Ratchanok Intanon is a magnificent player.
She is so elegant – almost balletic – she glides around the court with incredibly light feet. This graceful style is one of the features that makes her so enjoyable to watch. There’s a lot of depth and technical skill to her game so this combination makes her a very successful competitor and a tricky opponent to beat.
May is loved by all and is a very popular player on the circuit; it’s not unusual to see photos of her socialising with the Japanese players and recently it emerged she had played doubles in an exhibition match with Nozomi Okuhara.
May’s 24 though it seems like we have enjoyed watching her for years: she turned professional in 2007 and first exploded onto the international scene when she was only 14. How she came to the sport is quite a well-known story. Her parents worked at a sweet factory in Bangkok whose owner encouraged his employees children to play at the factory’s badminton courts to keep them away from the cooking and hot sugar. Her natural athleticism was recognised and so she was encouraged and supported to follow her pathway to success.
She has been called the ‘Queen of Comebacks’ and I think this is a strong element of her approach. She doesn’t know when she is beaten; it’s rare that she just gives in. This must partly be the result of her experience but it also says something about her as a person. She is renowned for her determination and focus in training so I think this attitude carries through into matches quite easily.
She won the Vietnam International Challenge in 2009 she was just 14, then became the youngest ever winner of the BWF World Junior Championships also when she was still 14. In 2013 she was triumphed in the BWF World Championships beating Li Xuerui over 3 games in the final and is still the youngest ever singles winner of that event. That year she also suffered from a foot injury and a back problem which limited the other tournaments she entered. The following two years were reasonably quiet by her standards – perhaps the older players had ‘found her out’ and possibly she lost some fitness through injuries – however 2016 is a different story.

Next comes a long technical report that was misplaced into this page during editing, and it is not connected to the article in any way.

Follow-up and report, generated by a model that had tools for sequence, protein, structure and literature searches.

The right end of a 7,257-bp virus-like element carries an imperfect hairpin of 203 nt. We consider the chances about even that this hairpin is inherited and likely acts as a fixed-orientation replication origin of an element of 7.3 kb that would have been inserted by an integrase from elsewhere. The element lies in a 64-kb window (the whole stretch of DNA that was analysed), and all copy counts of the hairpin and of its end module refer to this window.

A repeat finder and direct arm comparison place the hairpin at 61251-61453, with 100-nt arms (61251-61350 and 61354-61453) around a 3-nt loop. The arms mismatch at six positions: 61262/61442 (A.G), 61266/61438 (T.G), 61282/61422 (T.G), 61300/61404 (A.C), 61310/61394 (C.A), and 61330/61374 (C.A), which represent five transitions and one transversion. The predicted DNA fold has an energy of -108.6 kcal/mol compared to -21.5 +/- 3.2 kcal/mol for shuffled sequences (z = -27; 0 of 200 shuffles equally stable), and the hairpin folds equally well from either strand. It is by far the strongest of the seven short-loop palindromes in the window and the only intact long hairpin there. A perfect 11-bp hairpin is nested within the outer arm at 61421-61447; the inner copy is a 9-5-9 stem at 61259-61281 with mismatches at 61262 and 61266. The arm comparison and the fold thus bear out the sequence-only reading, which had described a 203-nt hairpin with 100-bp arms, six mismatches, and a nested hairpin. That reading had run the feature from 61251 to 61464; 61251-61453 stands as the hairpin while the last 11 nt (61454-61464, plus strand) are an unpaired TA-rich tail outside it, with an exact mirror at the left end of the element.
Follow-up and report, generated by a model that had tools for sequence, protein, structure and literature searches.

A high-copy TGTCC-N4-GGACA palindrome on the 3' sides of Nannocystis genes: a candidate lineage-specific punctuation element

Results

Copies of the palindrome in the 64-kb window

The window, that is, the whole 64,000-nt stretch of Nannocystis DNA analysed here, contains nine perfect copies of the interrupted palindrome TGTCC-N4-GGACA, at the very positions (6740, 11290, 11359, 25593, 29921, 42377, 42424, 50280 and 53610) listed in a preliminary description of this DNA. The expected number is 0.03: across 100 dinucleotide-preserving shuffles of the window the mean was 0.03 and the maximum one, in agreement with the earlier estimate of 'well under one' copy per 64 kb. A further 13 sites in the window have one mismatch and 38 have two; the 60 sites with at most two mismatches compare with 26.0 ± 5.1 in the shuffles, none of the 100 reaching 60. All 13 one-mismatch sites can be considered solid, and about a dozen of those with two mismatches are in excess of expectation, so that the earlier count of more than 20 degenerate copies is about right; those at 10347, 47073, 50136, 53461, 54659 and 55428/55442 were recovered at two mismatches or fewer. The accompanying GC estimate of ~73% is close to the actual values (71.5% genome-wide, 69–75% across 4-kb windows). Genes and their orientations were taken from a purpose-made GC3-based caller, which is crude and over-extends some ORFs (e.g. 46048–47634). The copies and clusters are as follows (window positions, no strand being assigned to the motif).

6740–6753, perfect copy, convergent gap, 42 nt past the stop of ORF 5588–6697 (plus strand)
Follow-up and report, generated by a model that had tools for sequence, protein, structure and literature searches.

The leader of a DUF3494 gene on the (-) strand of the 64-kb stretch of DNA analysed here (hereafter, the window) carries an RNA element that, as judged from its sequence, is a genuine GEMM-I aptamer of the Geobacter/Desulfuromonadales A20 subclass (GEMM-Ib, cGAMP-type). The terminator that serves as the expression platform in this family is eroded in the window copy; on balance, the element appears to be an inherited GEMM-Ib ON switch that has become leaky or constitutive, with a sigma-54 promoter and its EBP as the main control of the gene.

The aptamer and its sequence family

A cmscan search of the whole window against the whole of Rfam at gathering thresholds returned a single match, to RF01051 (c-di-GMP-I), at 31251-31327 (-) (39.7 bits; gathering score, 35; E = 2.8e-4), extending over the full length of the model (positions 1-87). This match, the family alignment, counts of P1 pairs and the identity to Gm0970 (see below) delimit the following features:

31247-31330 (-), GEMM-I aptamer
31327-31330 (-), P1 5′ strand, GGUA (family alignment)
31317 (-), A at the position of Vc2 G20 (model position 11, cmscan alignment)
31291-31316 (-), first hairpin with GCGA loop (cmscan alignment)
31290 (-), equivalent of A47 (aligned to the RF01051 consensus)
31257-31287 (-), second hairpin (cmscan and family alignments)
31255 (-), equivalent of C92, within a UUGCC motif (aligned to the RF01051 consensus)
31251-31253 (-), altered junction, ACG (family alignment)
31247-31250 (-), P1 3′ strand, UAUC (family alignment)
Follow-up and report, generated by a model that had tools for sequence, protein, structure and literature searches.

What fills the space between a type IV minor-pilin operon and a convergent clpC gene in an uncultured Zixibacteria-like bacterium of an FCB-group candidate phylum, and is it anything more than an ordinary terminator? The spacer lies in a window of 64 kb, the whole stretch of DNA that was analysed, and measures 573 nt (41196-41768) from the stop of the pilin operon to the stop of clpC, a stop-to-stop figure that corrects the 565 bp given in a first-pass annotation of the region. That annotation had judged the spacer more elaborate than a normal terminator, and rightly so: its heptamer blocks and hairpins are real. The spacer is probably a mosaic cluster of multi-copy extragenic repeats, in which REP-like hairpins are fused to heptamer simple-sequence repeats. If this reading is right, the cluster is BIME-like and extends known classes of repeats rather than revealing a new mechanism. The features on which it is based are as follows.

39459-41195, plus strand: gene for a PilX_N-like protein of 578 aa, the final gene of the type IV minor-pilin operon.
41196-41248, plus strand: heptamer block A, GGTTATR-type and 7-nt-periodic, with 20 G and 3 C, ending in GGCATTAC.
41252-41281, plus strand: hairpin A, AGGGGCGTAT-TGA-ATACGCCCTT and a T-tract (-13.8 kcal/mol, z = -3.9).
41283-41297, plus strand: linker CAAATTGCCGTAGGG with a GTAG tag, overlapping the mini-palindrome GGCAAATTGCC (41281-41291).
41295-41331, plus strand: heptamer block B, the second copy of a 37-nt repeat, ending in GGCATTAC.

Rio Olympic year saw Ratchanok win 3 Superseries titles in a row (India, Malaysia, Singapore): she beat Li Xuerui, Tai Tzu Ying and Sun Yu in each of the finals. This extraordinary run of form saw her become the first Thai to hold the world Number One spot, qualify for the Olympics, and was the flag bearer at the opening ceremony. In spite of this she was halted by Akane Yamaguchi and didn’t get beyond the round of 16; the rest of the year fizzled out somewhat owing to the knee injury she picked up in Rio.
Since then there are so many achievements, an honour roll can’t begin to tell the whole story. I cannot remember ever seeing her play an ugly game. She has a beautiful touch at the net; it’s almost as though she can hold the shot back for a split second longer than the opponent expects – so not strictly speaking deception but still deceptive. She can vary the pace of the game and this tactic often disrupts her rivals rhythm.
She has a ‘fast racket’ and great technique which of course means that a full armoury of shots are at her fingertips. She is 169cm tall and uses her height and reach shrewdly, I love seeing her set up net kills that she executes so sharply. Her reverse slice drop shot is a thing of beauty, there are also punchy clears plus she has a dangerous straight and cross court smash. Her precision is outstanding; she will consistently place the shuttle right on the line.
So what does the future hold? She has been clear about her ambition:
“…to win an Olympic gold medal and to be Number 1 in the world”
Is Tokyo Gold a realistic possibility? In terms of ability and experience definitely yes but we can all name some outstanding players who will stand in her way. Morten Frost pointed out that the key to that medal will lie in the seeding and her weakness is that she is stagnating as a top 10 player. The consistency needed to stay in the top 10 for as long as her is remarkable but she needs to be in the top 4 so she can avoid meeting competitors like Akane or Tai Tzu Ying until the semi finals.
It seems to me that she has lots of motivations for playing. Partly she has been driven by her desire to provide for her family but it also is important that she enjoys her games. Similar to Tai Tzu Ying she is not really a percentage player – I think she revels in her skills – for instance when she plays a cross court over the net to mid court it could go horribly wrong. It’s death or glory, but the glory on offer is too delightful to ignore. She’s an intelligent woman who loves her sport and is loved by everyone who watches her – we all want this refined, clever player to continue to win and make history.
Follow the links to read more about two of her main rivals. My article about Nozomi Okuhara is here https://womensbadminton.co.uk/2019/04/23/nozomi-okuhara-racket-ready-for-tokyo-glory/ and Tai Tzu Ying is here https://womensbadminton.co.uk/2019/03/18/tai-tzu-ying-taiwans-sporting-icon/
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